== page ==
"The act is a federal set of care standards that must be met for facilities with certain types of animals," Sacks said. "We put them on unannounced inspections to see how they are treating their animals."
Sacks said that anything not in compliance with general USDA guidelines is cited, and the operator is given a timeframe in which to correct the problem.
"It can be anything from a hole in the hippo's cage, to a giraffe with a broken leg," Sacks said. "It can really run the gamut."
Regulations set by the organization are not specific, Sacks said. For instance, cage size standards are not determined for each animal, but should be large enough for the animal to move about freely.
"The bottom line is ensuring the welfare of these animals," Sacks said. "The responsibility falls to them. These folks do what they need to do, and we do what we need to do to ensure the animals are healthy."
Sacks said Jungle Safari's last 11 inspections were "pretty clean."
According to the USDA, the zoo was issued a warning letter on March 8, 1994, and a civil penalty of $250 on May 24, 1999.
Sacks could not detail the nature of the penalties because the cases are outdated.
People for the Ethical Treatment of Animals has several citations to Jungle Safari listed on their website, but Sacks did not confirm that they are consistent with USDA records.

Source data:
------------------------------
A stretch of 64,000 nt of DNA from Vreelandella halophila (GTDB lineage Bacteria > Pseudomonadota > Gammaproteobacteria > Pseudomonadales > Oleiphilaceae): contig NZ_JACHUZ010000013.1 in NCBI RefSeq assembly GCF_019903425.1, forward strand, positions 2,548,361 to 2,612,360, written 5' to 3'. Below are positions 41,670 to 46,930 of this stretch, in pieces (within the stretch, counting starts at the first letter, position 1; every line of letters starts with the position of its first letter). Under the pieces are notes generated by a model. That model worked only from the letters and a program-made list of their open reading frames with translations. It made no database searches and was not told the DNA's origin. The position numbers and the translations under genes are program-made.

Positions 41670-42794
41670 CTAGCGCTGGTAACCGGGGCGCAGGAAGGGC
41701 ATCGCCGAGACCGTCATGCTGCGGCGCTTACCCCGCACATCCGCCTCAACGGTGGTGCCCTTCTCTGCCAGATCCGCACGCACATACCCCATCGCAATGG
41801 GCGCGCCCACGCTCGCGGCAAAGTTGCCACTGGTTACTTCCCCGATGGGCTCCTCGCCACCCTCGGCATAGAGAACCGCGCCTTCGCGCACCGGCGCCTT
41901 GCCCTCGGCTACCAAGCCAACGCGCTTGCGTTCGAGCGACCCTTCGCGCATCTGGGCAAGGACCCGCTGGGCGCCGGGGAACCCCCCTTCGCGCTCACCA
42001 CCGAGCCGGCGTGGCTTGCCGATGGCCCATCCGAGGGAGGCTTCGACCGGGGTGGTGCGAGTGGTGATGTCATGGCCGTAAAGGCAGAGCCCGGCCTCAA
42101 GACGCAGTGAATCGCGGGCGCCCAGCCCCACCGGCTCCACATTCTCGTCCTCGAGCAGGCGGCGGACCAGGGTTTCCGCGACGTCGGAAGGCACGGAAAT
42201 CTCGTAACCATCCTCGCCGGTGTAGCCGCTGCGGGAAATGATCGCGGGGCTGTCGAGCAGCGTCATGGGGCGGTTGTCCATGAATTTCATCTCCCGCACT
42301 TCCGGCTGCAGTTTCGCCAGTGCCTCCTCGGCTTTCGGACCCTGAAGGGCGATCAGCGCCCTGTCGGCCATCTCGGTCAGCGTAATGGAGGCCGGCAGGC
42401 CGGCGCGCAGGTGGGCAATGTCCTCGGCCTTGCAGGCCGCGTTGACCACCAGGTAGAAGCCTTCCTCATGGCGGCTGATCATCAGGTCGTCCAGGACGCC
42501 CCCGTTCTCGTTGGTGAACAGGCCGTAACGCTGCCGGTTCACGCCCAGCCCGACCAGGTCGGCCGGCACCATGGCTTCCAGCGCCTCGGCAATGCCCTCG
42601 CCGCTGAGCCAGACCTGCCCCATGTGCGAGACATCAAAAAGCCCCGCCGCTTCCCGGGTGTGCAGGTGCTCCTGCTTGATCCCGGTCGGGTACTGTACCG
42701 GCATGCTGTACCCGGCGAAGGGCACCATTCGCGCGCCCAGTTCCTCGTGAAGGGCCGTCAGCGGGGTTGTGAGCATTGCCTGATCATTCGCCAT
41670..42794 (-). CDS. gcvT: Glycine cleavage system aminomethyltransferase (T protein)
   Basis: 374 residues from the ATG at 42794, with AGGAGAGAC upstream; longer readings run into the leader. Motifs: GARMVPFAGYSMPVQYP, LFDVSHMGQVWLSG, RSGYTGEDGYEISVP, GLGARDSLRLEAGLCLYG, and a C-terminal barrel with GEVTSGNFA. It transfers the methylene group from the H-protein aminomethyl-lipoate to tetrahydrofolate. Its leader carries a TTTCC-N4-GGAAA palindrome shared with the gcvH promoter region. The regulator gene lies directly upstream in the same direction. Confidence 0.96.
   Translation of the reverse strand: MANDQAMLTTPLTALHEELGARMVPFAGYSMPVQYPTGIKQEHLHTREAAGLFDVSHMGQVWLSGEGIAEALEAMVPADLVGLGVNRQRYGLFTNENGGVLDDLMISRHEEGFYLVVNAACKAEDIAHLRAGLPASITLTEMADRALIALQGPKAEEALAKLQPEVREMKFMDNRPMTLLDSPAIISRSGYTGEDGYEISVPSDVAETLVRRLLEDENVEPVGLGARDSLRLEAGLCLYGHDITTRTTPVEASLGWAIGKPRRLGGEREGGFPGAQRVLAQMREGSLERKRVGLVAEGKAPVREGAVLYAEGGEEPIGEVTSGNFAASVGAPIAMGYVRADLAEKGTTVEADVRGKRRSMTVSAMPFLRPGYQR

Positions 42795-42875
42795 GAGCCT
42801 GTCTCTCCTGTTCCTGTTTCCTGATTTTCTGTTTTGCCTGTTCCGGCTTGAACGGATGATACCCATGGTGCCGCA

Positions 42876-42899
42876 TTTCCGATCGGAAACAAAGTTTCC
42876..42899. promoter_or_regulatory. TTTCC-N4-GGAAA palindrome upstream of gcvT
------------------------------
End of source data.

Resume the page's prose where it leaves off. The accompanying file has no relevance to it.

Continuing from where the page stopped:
According to PETA, the March 8, 1994 infraction was for failure to maintain enclosures and failure to store bedding to prevent contamination.
There was not an entry in PETA's records for the May 24, 1999 civil penalty.
Engesser said he thinks Jungle Safari has a "decent record" in all its 31 years.
He said there was an infraction in the past for improper food care for the animals, but the organization was in the process of building a new food housing system at the time.
"[The USDA] wants to oversee the animals' health and welfare, Engesser said. "I think we've done a good job of that."
When the animals aren't on the road, he said, they have open spaces to roam back home in Florida.
He said he has a close relationship with two vets he consults with often to ensure the health of the animals.
A pair of sisters, 11-year-old Caitlyn and 8-year-old Ashlyn Seal, lit up as they stopped to gaze at each animal.
"It's pretty cool," Caitlyn said. "When we went to feed the goats we put the money in [the machine] and they all came right to it!"
Ashlyn said her favorite part was riding the 2,000 pound camel.
Their mom, Julie Seal, said she wanted to bring her daughters after hearing about the exhibit on the radio. She was especially excited about them getting to ride the camel.
"I remember riding one at a circus when I was little, so I wanted them to do it," Julie said. "I do feel bad that the animals are kind of in cages but they're so cute. It's hard not to want to look at them."
Engesser said there will be a public feeding Saturday at 7:30 p.m., where anyone is welcome to watch the exotic animals be fed. There will also be a lecture about the animals, he said.